LT: June 25, 1864 Philip W. Pringle

   

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in Pringle Philip W.

Frank Wicks, the creator of the Civil War play Soldier, Come Home, based on his ancestors’ letters to each other during the Civil War, has graciously allowed me to reproduce some of those letters here at the Siege of Petersburg Online.  Frank’s great-grandparents were Philip W. and Mary Pringle, and their letters to each other while Philip was a soldier in the 102nd Pennsylvania form the basis of his play.  Some of Philip’s letters written during 1864 and 1865 were penned while he was present at the Siege of Petersburg, though as a member of the Union 6th Corps he was away for a few months in the Shenandoah Valley.  The letters which appear below mostly pertain to the Siege of Petersburg as observed by a 6th Corps Pennsylvania soldier.  All of these letters are the property of Frank Wicks and may not be reproduced without his express written consent.

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June 25th /641

Near Petersburg V.A.

 

Mary Pringle

 

Dear Wife

I take my pencil to drop you a few lines to inform you that I am well and I received your letters all so far and am glad to hear you are well. Mary, I am lying in the Front Rifle Pits but we are moving about daily and I do not know how soon we will leave this and go further forward. We was nearly captured the other evening. The Rebs got behind some of our boys but we all got out safe but one or 2. There is fighting going on daily along the Line. The Rebs took about ten hundred of our men prisoners and 4 pieces of artillery. But we are taking some of them daily and killing of them daily. Our line of works are about 10 miles long.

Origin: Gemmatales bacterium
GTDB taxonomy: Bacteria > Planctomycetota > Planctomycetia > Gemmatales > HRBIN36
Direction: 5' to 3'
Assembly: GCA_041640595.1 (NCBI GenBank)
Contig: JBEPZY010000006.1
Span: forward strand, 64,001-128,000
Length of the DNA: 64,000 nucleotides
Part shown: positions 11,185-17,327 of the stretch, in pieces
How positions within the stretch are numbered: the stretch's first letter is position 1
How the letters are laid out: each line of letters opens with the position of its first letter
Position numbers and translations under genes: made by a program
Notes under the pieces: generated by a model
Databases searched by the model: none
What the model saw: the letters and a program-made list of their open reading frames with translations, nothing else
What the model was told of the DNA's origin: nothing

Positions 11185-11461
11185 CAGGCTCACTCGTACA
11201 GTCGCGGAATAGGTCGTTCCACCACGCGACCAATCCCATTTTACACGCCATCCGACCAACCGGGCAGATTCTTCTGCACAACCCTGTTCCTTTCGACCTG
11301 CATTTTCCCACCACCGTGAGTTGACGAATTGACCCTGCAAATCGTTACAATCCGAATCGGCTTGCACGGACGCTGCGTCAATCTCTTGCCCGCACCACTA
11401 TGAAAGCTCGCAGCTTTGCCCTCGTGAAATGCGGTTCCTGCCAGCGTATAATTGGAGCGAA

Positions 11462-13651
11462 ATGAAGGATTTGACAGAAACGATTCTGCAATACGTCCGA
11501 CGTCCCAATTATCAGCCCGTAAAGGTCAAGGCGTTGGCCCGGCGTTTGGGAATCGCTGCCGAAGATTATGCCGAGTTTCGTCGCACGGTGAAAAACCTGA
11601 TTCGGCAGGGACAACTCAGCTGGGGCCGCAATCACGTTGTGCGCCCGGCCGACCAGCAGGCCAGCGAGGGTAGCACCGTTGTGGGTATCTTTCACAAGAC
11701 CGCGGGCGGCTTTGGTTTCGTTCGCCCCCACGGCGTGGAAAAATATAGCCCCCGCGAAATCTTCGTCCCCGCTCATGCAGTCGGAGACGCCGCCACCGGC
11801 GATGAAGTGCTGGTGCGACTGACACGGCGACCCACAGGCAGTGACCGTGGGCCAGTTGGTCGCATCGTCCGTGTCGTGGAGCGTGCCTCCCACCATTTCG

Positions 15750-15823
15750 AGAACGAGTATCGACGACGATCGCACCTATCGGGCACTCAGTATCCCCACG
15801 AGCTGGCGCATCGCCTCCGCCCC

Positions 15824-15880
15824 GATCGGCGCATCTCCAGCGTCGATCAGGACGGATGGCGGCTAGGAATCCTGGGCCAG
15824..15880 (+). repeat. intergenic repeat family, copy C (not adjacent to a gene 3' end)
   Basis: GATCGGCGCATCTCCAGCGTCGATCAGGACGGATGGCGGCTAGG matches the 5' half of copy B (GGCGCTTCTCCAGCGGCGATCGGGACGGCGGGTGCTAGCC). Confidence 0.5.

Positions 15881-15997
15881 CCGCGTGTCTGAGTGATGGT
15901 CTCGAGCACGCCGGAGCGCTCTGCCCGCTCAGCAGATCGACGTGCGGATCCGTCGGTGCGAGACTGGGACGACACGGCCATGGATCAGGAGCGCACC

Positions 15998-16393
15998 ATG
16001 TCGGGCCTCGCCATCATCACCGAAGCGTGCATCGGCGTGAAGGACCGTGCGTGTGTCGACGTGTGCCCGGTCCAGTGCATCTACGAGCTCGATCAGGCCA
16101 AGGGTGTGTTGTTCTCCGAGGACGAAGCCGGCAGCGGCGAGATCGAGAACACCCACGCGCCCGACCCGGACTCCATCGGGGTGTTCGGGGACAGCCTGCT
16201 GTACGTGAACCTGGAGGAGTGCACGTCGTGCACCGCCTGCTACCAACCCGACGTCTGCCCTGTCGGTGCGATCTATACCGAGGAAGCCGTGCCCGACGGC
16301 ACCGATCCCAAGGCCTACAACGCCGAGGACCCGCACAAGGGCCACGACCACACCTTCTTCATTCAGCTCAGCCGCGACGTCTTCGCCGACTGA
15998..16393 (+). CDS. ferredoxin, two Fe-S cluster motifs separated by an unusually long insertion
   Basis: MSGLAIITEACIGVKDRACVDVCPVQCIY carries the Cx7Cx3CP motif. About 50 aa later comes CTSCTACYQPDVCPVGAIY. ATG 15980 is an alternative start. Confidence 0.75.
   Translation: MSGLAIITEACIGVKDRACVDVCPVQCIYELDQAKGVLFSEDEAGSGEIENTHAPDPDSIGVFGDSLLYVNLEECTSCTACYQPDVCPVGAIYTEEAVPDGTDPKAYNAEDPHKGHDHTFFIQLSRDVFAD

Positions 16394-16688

I received one letter from Brother Joseph and one from Father and one from you this week. Mary, still live in good heart. We will meet some day sooner or later.  Put your trust in God. Pray Daily to that great being who is. All in all I would very much like to get home But I am here in the army and will if I live. Have to stay out my time and I will try to bear it patiently and do all I can to put down rebellion and hope it will not be far distant when we will lay down our arms in Peace and the Rebs be subdued or whipped and will have to lay down their arms. Oh how happy I would be If we could all go home and the war to cease.

Mary we are getting well fortified and in a few days they cannot drive us out at all and if we can cut all their railroads they will have to surrender or come out of their strongholds and fight us on our own ground and we can whip them on a fair fight and they are beaten here at this place. I think they will give up the struggle. Mary, George’s brother was killed on the James River. George is well but there was a great many of our boys killed and wounded. Some of them shot through the head. There was one of our Co. shot in the head Sunday evening. His name was Brady. We can hear the canon regular roaring and the pickets firing at each other and so on. I must bring my letter to close for the present. You must excuse me for not writing more at a time but I have not the time to write much at a time. You must not fret. Be content as much as possible. Live in hopes that we will meet again.  No more.  But remain yours as ever.

P.W. Pringle

Source:

  1. Soldier, Come Home – by Frank W. Wicks A play based on family civil war letters. 2010-2012. 2 August 2012 <http://civilwarplay.com/>.  These letters are used with the permission of Frank Wicks, and may not be reproduced without the express written consent of the owner.  All rights reserved.

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